However, Marylanders should reconsider entering guilty pleas or not guilty agreed statement of facts in their criminal cases because of the long-term consequences. Guilty pleas are not inconsequential to your life. If you dispute the facts or if there is a credibility issue with a witness or victim, you should consult with a criminal defense lawyer and strongly consider taking your case to trial.
A trial may be beneficial because the end result could be a not-guilty finding. There it’s often worried there will be a trial penalty if you decide to elect a jury trial or bench trial. In some circumstances that may be true. Some judges or jurisdictions may impose a stricter sentence if you’re found guilty at a trial. Also, if you take the stand and deny the allegations, and a jury finds you guilty then the judge May sentence you to a stiffer penalty.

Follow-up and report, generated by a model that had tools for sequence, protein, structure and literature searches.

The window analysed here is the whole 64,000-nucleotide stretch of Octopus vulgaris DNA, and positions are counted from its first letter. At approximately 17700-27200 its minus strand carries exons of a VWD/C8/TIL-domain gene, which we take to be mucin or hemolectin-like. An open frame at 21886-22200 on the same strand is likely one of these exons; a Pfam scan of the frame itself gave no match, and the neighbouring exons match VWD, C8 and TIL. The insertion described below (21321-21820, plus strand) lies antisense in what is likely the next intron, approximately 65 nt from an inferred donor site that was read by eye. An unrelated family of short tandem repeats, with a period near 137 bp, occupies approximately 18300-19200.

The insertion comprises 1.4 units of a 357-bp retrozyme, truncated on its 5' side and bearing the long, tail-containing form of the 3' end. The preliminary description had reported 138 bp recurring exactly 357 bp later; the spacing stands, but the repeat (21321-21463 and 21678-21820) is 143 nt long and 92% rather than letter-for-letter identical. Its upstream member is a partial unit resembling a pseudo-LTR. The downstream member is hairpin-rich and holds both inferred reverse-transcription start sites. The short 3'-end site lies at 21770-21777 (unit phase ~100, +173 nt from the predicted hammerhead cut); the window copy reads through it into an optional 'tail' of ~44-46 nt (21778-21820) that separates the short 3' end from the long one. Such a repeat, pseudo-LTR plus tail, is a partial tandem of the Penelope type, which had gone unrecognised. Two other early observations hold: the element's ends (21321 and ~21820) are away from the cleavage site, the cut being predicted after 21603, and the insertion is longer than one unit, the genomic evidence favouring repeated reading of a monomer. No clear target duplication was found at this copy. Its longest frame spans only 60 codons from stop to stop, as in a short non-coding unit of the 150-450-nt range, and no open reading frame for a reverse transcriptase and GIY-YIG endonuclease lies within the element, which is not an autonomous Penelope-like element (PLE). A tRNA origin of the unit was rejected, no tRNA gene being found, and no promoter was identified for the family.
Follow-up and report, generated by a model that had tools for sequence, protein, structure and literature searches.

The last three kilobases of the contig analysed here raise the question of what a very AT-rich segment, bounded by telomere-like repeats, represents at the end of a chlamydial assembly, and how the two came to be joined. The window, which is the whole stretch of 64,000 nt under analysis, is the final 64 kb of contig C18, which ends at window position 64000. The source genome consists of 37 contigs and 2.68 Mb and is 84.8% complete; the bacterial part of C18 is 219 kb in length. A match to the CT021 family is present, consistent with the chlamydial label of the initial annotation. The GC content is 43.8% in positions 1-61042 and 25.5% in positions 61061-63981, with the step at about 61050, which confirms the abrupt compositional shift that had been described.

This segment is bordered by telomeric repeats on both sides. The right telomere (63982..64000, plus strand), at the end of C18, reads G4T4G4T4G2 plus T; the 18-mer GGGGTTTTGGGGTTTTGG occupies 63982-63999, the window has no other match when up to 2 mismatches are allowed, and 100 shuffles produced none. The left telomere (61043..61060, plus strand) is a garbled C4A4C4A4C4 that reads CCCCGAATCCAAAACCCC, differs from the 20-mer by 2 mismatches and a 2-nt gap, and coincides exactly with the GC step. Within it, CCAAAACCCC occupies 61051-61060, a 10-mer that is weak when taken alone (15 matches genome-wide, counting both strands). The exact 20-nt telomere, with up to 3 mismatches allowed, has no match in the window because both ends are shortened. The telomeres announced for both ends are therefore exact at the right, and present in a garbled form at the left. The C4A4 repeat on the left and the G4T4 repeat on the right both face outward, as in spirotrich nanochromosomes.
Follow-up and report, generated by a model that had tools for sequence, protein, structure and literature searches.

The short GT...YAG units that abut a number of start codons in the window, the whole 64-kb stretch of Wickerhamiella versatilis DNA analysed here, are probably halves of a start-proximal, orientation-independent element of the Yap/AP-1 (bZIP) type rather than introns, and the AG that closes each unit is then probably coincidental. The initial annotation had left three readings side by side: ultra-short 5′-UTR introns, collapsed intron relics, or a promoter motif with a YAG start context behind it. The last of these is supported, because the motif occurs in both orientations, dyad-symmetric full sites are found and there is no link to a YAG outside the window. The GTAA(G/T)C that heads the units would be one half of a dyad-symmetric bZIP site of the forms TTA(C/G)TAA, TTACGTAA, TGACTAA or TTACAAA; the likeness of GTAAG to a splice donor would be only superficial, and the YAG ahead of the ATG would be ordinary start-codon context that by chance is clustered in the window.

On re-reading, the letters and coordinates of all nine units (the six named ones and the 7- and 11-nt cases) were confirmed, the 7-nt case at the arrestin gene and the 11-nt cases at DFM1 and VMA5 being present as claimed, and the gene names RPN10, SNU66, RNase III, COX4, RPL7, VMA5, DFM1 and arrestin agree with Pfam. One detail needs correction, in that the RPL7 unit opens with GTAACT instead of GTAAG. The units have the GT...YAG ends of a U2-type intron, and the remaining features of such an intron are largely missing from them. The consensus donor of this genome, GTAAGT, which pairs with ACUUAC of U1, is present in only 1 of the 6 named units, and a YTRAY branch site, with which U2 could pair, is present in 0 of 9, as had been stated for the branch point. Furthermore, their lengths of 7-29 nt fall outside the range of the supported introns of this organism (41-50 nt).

However, an experienced lawyer will know if there is a trial penalty in your case and advise if you should take your case to trial before a judge or jury.
Maryland judge and jury trial lawyers
Do you want to take your case to trial? Are you innocent and you want to contest the States case? The Law Offices of Randolph Rice can fight for your rights and protect your freedom in the Maryland District and Circuit courts. Contact the office today to speak with attorney Randolph Rice and schedule a free consultation to discuss your case and whether you should enter a plea or take your case to trial.